Once known solely as a land of nightclubs and bars, where streets were quiet in the daytime and the city’s youth didn’t emerge until 10 or 11 in the evening, Roppongi was truly a party till dawn locale.
Equally known for attracting foreign residents of Tokyo, people from all over the world gathered in Roppongi to enjoy a variety of international cuisine at restaurants and bars and the artists of today invented their own ‘Roppongi culture.’
Sadly though, for a time this did single it out as an area the more ordinary Tokyoite would perhaps hesitate to visit.
All that has now changed however, as the Roppongi Hills complex is now the talk of the town and the centerpiece on which Roppongi now promotes itself. Old and young alike nowadays come to Roppongi from all over Japan making Roppongi a popular Tokyo sightseeing spot – albeit one that never sleeps.
History of Roppongi
The origin of the name Roppongi is unknown but it has been said that there were once either six pines or ginkgo trees or that the local daimyo’s mansions had names related to trees during the Edo era (1603-1868). As Roppongi was then a residential district for feudal lords it retains this glamour in the modern day as Roppongi is still an area in which the capital’s nouveau riche choose to reside. A good many ambassadors from around the world lived in and around Roppongi in the early 20th century and in addition to the then Japanese military base in Roppongi before World War II such an overall combination gave the neighborhood a uniquely international, sometimes exotic atmosphere.
Burned down by air-raids, residents of Roppongi started again amid the ashes and over the decades Roppongi turned itself into an amusement area appealing to foreigners; especially so after the ruins of the nearby Japanese army bases in Akasaka and Azabu were taken over by the occupying US forces.
There are always crowds of people in the front of the “Almond” cafe at Roppongi crossing. My own favorite spot in the area is “U.Goto Florist.” Filled with the scents so stereotypical of florists and flowers, and with an atmosphere of peace and tranquility, it is as if the hustle and bustle of the outside world is on a different planet; a most recommended spot from those trying to escape the rat race.
Roppongi Hills itself is a fully self contained complex featuring shops, restaurants, a hotel, an art museum, a cinema complex, offices and a residential area that opened in April, 2003. The vast and highly complicated labyrinth of shopping streets and pedestrian areas is certainly a challenge and lots of fun for the adventurous. Impossible to conquer by visiting just a few times, the attraction of ‘beating the system’ will keep you coming back for more.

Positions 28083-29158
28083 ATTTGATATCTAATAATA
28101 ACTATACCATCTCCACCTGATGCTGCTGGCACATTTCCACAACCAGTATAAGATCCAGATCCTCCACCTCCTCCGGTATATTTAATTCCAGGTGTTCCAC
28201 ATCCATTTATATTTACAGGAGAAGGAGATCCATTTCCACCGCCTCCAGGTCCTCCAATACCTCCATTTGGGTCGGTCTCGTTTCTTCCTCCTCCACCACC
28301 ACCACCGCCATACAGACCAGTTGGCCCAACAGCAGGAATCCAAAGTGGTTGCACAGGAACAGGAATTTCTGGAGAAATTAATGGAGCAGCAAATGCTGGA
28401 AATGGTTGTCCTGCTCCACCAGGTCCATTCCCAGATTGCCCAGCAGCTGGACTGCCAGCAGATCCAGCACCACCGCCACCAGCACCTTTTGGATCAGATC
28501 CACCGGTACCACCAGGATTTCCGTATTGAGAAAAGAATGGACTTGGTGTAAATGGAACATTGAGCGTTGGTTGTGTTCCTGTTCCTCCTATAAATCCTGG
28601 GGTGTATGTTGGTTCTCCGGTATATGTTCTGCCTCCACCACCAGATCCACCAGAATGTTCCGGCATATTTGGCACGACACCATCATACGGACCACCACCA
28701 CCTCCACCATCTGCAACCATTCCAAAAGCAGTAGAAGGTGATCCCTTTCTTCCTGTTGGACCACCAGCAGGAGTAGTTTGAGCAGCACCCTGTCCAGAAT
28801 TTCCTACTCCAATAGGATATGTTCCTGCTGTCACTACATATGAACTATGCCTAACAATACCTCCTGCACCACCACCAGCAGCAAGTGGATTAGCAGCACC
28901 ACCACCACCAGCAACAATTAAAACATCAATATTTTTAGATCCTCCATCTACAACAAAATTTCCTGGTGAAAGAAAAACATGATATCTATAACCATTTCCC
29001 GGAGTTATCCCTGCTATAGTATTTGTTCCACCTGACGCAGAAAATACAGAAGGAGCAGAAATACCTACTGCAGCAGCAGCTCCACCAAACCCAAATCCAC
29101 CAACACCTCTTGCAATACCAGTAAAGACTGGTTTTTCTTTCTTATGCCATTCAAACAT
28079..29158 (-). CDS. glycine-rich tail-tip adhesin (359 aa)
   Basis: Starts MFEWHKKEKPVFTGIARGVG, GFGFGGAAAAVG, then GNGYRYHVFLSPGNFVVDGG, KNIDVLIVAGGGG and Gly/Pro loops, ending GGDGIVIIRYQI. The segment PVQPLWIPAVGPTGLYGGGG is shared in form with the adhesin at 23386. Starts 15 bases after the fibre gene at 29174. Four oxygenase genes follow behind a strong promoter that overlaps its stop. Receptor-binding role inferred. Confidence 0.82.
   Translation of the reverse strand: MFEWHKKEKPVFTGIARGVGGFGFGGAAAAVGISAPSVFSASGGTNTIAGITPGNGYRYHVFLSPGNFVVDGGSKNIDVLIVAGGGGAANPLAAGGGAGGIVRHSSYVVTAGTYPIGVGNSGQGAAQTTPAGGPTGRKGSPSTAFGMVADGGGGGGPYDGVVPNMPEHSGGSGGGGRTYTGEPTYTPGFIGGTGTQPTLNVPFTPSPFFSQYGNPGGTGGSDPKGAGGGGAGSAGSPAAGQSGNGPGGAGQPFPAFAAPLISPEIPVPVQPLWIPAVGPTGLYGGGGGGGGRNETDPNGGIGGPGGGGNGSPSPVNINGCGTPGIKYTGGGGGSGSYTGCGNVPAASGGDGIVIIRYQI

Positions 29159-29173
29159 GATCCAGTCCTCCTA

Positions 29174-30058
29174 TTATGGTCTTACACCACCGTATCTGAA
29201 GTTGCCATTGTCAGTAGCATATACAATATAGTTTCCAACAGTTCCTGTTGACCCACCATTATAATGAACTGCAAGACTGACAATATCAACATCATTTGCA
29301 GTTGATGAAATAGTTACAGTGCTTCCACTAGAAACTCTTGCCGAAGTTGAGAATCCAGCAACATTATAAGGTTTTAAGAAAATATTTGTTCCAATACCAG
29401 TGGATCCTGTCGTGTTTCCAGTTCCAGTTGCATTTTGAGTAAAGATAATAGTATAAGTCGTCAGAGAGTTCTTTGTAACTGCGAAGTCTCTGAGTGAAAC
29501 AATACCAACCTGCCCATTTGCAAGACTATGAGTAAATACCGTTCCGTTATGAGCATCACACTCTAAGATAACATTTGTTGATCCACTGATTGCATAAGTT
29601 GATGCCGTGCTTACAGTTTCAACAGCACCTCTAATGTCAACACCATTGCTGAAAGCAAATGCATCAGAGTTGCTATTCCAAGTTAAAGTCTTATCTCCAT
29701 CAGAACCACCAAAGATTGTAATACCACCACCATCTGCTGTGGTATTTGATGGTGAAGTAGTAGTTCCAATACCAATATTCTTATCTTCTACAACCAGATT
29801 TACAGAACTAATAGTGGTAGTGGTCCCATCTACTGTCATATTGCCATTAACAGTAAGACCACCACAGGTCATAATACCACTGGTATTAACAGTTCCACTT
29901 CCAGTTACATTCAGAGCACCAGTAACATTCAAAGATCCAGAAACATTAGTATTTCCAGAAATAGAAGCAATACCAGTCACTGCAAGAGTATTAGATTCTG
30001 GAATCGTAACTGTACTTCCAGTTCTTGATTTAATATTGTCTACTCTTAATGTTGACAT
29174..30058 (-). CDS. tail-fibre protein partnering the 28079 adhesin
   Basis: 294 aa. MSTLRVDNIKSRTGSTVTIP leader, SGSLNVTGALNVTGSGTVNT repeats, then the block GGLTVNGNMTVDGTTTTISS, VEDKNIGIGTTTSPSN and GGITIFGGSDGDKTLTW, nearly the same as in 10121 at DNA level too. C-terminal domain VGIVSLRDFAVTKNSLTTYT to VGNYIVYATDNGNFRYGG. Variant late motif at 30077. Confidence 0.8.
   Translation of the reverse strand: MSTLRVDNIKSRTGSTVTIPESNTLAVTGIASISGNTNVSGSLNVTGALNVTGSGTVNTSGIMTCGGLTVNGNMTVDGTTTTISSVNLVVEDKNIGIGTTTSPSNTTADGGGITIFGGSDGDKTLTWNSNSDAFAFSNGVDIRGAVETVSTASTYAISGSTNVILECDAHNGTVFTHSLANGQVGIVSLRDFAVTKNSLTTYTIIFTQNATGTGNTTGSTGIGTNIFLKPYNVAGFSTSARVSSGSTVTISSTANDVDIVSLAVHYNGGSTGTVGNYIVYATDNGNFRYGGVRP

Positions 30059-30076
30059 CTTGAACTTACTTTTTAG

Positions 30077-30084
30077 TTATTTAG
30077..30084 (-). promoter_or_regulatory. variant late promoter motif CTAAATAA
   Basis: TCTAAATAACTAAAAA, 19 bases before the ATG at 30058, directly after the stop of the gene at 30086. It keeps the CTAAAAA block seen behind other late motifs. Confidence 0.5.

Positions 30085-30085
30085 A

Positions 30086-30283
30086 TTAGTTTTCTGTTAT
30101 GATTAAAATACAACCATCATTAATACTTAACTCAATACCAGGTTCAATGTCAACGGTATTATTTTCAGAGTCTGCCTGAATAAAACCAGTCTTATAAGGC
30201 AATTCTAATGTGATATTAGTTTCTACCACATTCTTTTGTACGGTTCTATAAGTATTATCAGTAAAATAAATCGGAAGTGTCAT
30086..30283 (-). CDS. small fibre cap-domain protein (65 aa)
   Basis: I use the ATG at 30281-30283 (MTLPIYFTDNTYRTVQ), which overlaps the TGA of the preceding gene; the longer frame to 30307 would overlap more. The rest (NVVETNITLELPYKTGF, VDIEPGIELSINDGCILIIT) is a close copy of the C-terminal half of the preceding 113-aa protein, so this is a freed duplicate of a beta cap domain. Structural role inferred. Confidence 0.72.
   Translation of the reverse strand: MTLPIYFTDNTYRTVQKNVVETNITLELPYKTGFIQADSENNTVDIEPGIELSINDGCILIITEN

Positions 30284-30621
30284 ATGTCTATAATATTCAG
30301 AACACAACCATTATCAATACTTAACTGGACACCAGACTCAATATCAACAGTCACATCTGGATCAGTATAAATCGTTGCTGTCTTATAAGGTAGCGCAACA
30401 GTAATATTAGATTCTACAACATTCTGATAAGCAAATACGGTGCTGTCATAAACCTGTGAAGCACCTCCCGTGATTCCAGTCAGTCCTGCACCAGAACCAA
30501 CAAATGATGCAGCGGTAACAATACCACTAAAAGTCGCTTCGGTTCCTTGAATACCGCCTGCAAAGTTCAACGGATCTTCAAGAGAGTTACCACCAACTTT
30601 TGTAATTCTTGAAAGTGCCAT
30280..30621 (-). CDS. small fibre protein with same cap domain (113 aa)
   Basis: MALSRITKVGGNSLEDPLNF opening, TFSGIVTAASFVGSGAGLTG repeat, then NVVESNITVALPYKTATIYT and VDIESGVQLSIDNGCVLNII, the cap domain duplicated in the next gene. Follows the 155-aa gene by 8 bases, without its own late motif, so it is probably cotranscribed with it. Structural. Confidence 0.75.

The following are a few of the things to see.
The Metro Hat, the main entrance of Roppongi Hills, is directly connected to Roppongi Station on the Hibiya Subway Line. After ascending the long escalator, you reach Roku-Roku Plaza, one of Roppongi Hills’ entrance squares. A large sculpture in the shape of a spider called Maman offers something of a surprise and is often used as a meeting place or a relaxation spot if the sun is shining and the weather is fine.
Standing ahead of you at this point is the “Roppongi Hills Mori Tower” with the Mori Arts Center taking up the space from the 49th to the 53rd floor. The Mori Art Museum, on the 53rd floor offers exhibitions of mainly contemporary art. The attractions are not limited to the inside, though, as visitors can enjoy a unique panoramic night view of Tokyo from a glass walled Tokyo City View Observatory that remains open until 1 am.
Hillside is a semi-open-air street facing Mohri Garden. Asian and Oriental restaurants line the route selling such specialty dishes as Chinese shoronpo, a favorite that always brings in the crowds and results in long lines. Events held at the Roppongi Hills Arena or movies in the Keyakizaka Complex which houses the VIRGINE TOHO CINEMAS, one of the largest cinema complexes in Tokyo with impressive 9 screens, are themselves reasons for visiting and bring people streaming in. The Mohri Garden ‘Japanese Garden’ on site was created atop the ruins of the Mohri Domain residence which dated back to the Edo period. The circular building just beyond the Mohri Garden is TV Asahi’s main office building. The atrium on the first floor, its cafe and shop are all open to the public.
The West Walk is an impressive galleria inside Mori Tower onto which sunlight will shine on clear days and is host to popular shops, trendy restaurants and everyday facilities such as banks, clinics and a post office.
Roppongi Keyakizaka Dori is a roughly 400-meter long avenue stretching east to west with a large branch of LOUIS VUITTON in the middle. Brand shops from other countries, older and well established restaurants and fashionable cafes stand side by side along this street and a stroll down the gentle slope from Roppongi Dori to Azabu-Juban, with a stop or two for shopping and tea is a popular pastime. Various residential buildings line the avenue and dressed up locals can often be seen walking their pooches.
Tsutaya is a convenient shop to browse through magazines while drinking coffee bought from the in-store Starbucks, and Food Magazine is a stylish supermarket open 24 hours a day.
To cover the area in the most efficient way possible, – Roppongi Hills Tours provides tours over several routes to show off the local must-see sights, please note that booking in advance is recommended. Tours are provided in English and Chinese as well as in Japanese.
The Tokyo Midtown Project is under way at the former site of the Defense Agency with the result being that yet another new town will paint another face on Roppongi life. Roppongi’s latest place to see and be seen will emerge in the spring of 2007.